Mexico drug lord Guzman's escape tunnel is a minor engineering masterpiece

U.S. officials had sought Guzman’s extradition, in part for precisely the fear that he would take advantage of the weak, corrupt Mexican justice system to continue his trafficking business and even, eventually, break out. Several U.S. federal indictments have been filed against Guzman, including one in California, but Mexico had said it wanted to prosecute him first.

The tunnel that Guzman used to flee was sophisticated. It was nearly a mile long and deep enough for him to stand, authorities said. Its opening was a rectangular hole in the former prisoner’s shower, measuring 20 inches by 20 inches. It then descended 30 feet, ran its length under largely unpopulated land and ended in a somewhat isolated house under construction in the nondescript Santa Juanita neighborhood, surrounded by empty fields.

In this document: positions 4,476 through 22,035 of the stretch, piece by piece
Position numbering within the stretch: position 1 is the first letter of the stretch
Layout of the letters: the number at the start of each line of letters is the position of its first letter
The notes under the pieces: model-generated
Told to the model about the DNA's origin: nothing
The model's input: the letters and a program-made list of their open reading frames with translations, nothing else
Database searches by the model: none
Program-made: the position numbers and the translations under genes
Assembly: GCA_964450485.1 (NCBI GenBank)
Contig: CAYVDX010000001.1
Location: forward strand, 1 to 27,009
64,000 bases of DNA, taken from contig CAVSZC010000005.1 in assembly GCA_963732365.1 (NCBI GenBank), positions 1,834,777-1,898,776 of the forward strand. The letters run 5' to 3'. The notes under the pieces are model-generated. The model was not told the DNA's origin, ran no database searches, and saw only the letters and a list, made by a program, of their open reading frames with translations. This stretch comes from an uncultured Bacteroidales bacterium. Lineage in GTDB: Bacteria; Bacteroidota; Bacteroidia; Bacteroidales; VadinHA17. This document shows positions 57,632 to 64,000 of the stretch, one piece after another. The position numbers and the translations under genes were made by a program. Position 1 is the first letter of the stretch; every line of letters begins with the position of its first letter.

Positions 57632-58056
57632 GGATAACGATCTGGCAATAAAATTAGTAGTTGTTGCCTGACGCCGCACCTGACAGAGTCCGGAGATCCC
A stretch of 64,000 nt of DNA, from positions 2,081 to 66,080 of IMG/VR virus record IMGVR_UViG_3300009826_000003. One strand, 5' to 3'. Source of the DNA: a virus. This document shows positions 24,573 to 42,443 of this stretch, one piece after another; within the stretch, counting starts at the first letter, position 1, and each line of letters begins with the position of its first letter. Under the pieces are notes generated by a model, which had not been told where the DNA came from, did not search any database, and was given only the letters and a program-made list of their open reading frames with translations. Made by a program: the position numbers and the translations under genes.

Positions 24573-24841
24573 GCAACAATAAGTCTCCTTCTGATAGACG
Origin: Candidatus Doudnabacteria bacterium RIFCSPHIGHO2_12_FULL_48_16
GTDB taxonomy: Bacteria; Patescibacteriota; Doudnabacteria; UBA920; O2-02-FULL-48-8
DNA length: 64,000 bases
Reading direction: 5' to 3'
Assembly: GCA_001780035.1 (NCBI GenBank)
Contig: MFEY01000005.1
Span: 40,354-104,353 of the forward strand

Authorities, attempting to explain how it was possible for such an elaborate construction to have taken place unnoticed, said Guzman’s shower was the only place in his cell where there were no security cameras.